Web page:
The power of improvisation

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Author: Maura Sullivan Hill ’11

“The show can’t go on without you,” proclaims the poster for Blank! The Musical.

Though Blank! opened at New World Stages, a theater less than half a mile from the lights of Broadway, it isn’t your typical musical — and not just because it is all improvised. It’s not even your typical improv show.

Shortstories BlankFor Michael Girts, improv means lending a hand to others. Photo by Barbara Johnston.

Most improv performances require some sort of audience participation: yelling out a person, place or thing to give the performers a starting point. In those situations, it’s usually the loudest person who is heard and who defines the direction of that night’s show.

But not at Blank!, billed as an unscripted, interactive piece of musical theater. Blank! uses a mobile app that allows all members of the audience to participate. It’s the democratization of improv, says show creator Michael Girts ’07MBA.

“The audience votes on what they want to see, using the app,” Girts says. “So, together, they choose the title of the show, some of the songs that will be invented within the show. They even help compose the musical score, vote on a dance move,” and so on. The voting runs on a screen on stage, in real time, for the audience to follow along.

Audiences have suggested topics from online dating (featuring a song titled “Tinderella”) to gluten allergies (“Wheat is the Devil” was one of the musical numbers in that one) to boy bands (“Directing One Direction the Musical”).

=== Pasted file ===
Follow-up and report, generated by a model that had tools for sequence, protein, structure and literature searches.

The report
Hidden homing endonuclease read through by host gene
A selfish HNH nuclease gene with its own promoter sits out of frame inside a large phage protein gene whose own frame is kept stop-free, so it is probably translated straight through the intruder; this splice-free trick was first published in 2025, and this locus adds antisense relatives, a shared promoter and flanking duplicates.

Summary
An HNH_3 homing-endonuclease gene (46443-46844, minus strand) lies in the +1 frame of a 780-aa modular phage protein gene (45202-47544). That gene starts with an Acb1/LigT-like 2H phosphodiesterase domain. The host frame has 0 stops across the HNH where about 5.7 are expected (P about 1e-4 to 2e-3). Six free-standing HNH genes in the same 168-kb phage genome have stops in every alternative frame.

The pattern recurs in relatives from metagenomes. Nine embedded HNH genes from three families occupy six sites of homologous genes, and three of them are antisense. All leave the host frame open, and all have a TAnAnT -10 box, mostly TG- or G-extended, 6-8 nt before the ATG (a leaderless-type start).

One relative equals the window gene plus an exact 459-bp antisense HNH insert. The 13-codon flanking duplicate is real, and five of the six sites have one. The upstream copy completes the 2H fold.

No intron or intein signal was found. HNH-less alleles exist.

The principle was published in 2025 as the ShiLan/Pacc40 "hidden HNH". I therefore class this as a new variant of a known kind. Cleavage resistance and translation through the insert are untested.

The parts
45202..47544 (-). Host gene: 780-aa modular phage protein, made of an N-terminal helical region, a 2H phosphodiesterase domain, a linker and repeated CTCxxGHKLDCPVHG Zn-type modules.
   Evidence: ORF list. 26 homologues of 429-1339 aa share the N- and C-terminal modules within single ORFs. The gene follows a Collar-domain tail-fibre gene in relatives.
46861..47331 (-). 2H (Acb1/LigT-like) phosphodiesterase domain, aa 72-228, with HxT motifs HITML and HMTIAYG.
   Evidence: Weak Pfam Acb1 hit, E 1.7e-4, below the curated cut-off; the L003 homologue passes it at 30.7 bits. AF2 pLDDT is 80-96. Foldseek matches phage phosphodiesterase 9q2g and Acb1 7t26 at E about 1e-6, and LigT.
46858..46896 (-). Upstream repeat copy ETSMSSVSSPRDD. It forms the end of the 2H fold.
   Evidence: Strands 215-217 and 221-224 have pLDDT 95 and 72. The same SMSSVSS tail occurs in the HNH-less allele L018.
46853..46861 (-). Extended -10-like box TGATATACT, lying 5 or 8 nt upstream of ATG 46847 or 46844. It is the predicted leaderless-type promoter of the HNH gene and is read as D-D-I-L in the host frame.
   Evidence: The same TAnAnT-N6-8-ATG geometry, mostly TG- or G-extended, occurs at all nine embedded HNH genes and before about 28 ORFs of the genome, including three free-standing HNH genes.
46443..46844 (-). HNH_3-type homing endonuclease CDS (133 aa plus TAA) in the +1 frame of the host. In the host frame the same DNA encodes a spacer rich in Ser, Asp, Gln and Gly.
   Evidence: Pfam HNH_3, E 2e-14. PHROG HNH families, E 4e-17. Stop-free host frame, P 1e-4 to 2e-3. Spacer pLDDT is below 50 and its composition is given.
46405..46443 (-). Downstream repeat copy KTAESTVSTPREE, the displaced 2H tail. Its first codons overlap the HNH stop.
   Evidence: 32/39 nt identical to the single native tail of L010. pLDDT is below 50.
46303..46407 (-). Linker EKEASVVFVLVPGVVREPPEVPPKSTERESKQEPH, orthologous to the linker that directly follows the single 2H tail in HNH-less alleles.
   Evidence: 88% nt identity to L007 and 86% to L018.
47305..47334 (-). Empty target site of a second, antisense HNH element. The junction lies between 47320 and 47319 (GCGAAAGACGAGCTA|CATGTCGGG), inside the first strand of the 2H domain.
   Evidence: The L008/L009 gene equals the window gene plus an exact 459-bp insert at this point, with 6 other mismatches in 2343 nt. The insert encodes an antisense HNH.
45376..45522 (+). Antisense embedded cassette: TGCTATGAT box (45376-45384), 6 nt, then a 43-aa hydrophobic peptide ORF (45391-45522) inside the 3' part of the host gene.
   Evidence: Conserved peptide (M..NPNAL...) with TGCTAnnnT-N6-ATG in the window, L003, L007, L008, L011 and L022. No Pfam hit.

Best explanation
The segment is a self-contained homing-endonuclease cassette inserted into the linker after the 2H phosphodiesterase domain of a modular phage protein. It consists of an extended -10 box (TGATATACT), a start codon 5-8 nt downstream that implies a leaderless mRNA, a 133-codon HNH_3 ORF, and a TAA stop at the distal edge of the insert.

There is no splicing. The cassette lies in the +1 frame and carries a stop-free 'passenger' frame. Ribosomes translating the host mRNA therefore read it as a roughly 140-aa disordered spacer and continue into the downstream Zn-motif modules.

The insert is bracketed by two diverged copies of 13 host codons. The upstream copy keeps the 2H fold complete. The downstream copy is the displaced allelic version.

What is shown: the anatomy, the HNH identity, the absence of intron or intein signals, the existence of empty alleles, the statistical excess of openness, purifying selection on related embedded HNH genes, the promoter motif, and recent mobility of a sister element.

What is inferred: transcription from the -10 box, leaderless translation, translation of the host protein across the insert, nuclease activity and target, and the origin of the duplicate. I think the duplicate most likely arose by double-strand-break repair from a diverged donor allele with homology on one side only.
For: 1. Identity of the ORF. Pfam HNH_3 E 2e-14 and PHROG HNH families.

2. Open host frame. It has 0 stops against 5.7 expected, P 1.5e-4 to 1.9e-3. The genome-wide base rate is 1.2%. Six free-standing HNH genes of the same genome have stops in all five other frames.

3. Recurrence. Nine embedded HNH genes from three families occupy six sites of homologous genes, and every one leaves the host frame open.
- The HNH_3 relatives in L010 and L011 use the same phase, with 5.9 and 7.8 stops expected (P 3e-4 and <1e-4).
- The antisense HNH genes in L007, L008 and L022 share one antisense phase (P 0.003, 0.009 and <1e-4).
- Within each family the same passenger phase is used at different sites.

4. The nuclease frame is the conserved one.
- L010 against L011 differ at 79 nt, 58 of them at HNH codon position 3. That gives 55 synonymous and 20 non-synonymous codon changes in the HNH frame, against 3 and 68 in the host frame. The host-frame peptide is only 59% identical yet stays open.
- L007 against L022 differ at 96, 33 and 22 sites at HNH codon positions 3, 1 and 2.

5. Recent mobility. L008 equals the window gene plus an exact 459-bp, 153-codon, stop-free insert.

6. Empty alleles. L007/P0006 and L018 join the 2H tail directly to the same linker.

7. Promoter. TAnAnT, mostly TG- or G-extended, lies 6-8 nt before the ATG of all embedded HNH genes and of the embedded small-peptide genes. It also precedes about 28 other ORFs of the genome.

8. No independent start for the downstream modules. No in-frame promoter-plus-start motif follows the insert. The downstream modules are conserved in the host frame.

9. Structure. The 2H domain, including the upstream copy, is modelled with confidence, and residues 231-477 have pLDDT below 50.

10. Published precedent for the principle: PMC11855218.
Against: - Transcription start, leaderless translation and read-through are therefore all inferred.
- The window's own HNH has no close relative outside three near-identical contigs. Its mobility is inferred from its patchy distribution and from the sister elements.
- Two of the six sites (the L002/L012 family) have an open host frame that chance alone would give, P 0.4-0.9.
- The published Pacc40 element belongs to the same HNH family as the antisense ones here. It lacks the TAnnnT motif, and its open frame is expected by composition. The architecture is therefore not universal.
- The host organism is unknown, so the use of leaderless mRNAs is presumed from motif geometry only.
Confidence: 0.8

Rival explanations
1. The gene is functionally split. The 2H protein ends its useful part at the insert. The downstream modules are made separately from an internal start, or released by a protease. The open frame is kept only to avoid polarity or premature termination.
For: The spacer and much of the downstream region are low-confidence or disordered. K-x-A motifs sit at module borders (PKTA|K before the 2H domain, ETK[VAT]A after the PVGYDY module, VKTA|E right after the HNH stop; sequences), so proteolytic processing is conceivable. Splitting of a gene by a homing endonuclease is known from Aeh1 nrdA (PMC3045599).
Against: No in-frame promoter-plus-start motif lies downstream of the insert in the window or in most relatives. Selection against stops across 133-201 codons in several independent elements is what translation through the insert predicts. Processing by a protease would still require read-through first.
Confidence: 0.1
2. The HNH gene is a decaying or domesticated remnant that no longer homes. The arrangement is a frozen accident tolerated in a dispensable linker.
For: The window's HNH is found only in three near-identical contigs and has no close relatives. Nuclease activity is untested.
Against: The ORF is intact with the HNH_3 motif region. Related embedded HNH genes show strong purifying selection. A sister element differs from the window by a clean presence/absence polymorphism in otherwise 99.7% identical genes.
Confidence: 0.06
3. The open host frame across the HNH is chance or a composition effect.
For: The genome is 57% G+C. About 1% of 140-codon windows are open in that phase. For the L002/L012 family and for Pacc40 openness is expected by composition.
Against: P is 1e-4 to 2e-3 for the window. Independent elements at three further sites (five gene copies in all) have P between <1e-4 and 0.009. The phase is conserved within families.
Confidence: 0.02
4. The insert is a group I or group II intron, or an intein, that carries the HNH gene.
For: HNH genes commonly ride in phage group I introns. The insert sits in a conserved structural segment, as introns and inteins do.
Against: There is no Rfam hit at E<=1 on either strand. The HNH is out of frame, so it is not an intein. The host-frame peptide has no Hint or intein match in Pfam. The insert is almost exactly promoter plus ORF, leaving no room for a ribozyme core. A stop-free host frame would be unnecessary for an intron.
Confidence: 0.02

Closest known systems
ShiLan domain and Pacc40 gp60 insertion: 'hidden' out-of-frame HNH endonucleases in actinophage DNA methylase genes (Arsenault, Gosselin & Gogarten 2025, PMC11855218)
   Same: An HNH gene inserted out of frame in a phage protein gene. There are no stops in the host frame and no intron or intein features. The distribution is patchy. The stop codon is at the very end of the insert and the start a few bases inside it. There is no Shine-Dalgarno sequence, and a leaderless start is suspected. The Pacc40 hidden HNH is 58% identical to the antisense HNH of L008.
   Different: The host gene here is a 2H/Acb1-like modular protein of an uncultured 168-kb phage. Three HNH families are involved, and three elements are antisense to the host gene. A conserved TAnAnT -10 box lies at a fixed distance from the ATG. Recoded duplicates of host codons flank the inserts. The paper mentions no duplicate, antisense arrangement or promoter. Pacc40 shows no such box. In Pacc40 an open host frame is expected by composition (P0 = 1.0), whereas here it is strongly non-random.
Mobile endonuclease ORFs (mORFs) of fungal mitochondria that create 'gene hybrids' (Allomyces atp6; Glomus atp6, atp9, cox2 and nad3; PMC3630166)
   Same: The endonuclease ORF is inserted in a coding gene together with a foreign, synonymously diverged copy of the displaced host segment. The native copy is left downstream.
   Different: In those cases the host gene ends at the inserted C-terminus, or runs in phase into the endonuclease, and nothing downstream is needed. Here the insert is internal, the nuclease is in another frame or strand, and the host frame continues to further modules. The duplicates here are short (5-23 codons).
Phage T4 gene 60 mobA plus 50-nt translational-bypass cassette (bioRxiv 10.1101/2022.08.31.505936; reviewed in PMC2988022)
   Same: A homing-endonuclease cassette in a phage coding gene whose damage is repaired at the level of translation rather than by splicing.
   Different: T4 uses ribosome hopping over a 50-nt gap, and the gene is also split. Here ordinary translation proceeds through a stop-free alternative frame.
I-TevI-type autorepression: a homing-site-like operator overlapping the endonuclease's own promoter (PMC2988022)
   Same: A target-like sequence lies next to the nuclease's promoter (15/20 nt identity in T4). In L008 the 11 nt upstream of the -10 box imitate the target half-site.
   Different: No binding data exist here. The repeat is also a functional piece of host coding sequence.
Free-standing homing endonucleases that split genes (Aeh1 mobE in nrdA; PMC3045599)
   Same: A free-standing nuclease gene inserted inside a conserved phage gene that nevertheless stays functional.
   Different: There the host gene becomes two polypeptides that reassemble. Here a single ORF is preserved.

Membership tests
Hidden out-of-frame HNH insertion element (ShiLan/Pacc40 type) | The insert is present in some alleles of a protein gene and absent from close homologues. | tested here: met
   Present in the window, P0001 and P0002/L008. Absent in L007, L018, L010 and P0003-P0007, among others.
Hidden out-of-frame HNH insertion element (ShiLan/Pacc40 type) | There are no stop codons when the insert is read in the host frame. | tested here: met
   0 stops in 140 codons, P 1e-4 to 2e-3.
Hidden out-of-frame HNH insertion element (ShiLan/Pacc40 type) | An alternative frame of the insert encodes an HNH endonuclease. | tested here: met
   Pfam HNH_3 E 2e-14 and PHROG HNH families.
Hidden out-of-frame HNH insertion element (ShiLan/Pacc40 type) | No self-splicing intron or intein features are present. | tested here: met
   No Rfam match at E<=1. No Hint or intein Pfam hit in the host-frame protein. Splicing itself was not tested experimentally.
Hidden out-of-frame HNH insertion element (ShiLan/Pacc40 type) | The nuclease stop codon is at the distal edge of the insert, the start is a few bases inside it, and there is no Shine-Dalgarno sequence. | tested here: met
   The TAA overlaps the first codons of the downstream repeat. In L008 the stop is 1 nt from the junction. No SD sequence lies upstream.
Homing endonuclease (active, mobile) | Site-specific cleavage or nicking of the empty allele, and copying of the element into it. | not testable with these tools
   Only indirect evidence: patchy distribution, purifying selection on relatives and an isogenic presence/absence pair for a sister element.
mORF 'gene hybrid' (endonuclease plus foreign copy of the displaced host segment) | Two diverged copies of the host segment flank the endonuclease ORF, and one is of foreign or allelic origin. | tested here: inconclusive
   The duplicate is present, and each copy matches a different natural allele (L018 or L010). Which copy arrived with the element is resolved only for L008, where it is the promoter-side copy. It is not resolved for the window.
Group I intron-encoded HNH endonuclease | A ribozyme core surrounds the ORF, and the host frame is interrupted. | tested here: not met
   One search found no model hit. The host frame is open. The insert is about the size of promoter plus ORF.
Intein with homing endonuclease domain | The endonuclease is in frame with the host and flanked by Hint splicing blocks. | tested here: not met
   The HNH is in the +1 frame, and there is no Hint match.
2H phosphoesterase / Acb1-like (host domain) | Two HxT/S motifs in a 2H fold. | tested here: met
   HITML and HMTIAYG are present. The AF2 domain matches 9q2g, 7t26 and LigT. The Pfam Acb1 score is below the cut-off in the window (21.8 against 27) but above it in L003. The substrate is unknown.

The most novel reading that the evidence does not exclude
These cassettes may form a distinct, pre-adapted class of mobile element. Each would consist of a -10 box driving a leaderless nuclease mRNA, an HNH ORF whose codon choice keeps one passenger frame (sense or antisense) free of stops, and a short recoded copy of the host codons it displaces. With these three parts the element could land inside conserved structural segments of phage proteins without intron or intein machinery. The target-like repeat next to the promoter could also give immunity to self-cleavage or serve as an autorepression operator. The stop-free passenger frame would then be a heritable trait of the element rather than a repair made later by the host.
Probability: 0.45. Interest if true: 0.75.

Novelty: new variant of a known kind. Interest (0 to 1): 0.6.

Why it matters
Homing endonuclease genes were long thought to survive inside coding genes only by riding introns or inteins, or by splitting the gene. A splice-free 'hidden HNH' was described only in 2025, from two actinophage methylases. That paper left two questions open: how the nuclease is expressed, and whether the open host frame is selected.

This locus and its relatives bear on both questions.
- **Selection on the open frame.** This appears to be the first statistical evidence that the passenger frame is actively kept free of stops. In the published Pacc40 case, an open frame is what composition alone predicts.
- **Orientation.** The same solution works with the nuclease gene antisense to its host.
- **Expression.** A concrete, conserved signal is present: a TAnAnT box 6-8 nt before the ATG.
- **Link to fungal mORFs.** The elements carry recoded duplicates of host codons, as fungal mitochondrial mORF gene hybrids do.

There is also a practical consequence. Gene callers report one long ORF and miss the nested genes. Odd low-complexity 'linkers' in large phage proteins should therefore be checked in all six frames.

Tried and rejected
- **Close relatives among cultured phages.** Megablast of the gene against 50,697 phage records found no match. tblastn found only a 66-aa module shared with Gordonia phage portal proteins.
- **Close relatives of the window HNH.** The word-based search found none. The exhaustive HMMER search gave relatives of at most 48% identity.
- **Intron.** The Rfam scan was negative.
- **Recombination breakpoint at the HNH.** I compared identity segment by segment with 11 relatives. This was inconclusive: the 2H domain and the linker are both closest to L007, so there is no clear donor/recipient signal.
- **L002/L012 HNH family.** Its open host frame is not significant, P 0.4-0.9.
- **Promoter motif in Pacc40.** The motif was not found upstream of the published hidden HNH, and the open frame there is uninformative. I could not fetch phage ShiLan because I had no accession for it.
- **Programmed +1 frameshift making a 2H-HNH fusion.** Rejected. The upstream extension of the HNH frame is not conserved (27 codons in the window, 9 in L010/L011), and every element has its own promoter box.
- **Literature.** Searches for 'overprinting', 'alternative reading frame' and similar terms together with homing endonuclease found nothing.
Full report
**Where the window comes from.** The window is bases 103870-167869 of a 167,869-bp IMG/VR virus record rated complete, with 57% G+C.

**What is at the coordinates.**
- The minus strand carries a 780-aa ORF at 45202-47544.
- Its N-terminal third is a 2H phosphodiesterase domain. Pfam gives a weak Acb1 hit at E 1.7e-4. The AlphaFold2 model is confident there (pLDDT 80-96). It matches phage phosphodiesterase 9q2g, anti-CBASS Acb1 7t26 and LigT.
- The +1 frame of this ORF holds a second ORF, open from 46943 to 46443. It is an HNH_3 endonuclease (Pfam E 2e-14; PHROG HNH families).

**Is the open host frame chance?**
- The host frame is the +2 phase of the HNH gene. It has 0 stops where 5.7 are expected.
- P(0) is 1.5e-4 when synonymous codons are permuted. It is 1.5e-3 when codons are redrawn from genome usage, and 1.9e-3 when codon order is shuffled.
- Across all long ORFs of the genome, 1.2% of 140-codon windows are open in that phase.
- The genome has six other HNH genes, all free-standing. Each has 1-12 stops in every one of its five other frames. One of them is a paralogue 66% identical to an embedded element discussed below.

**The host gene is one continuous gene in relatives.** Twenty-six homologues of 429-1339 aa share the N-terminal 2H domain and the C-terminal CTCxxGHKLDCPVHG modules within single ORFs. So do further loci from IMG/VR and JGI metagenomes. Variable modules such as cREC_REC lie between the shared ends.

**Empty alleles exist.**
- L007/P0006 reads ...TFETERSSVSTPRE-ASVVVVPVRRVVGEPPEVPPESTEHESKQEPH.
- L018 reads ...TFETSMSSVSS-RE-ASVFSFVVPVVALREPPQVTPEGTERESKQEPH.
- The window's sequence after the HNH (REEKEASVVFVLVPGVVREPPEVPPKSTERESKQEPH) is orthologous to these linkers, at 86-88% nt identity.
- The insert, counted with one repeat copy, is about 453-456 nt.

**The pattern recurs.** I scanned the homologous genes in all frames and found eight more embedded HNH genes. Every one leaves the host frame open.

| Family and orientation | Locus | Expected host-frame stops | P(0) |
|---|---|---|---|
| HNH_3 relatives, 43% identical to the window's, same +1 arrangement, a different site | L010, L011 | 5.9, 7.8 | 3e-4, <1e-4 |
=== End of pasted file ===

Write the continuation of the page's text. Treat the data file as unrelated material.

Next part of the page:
Blank! had a critically acclaimed run at New World Stages in 2014, earning a rave review in The New York Times as well as attention from CNBC and tech website The Daily Dot. There was a special one-night-only performance on May 2nd at The Broadway Comedy Club in New York City, as a celebration of that day’s Tony Awards nomination announcements. And this month, Girts is taking the stage himself when Blank! is the headlining act at Florida’s Sarasota Improv Festival.

“Ultimately, this was his brainchild and the culmination of years and years of working in the improvisation and musical improvisation world,” says Mike Descoteaux, the artistic director at ImprovBoston, a nonprofit theater, and one of Girts’ collaborators on Blank! The Musical.

Girts got his start in improv while he was a business student at Notre Dame, making the 90-minute drive to Chicago’s The Second City, a renowned improv theater and school with alumni the likes of Stephen Colbert, Steve Carell and Tina Fey, to take beginner improv classes.

Wearing multiple hats — like he does as a co-creator and performer in Blank! — is a way of life for Girts, who combines business acumen with a passion for theater and performing.

“For as long as I can remember, I’ve thought, ‘I’m just going to keep doing both until I can’t do both anymore,’ and I’m 33 years old and I still do both,” says Girts, who moved to Chicago after receiving his master’s degree from Notre Dame.

By day, he works in the marketing world, leading pitching and prospecting efforts for VSA Partners as their head of business development. Girts likens it to a stage manager role and says he couldn’t do it without his background in theater and improv.

In his spare time, Girts works on projects like Blank! and Mansical — which he calls “the world’s only all-male, all-musical, all-handsome improv show” — a production he performs with a group of friends at theaters in Chicago. He still maintains his relationship with Second City, where he teaches and performs, and facilitates workshops with Second City Works.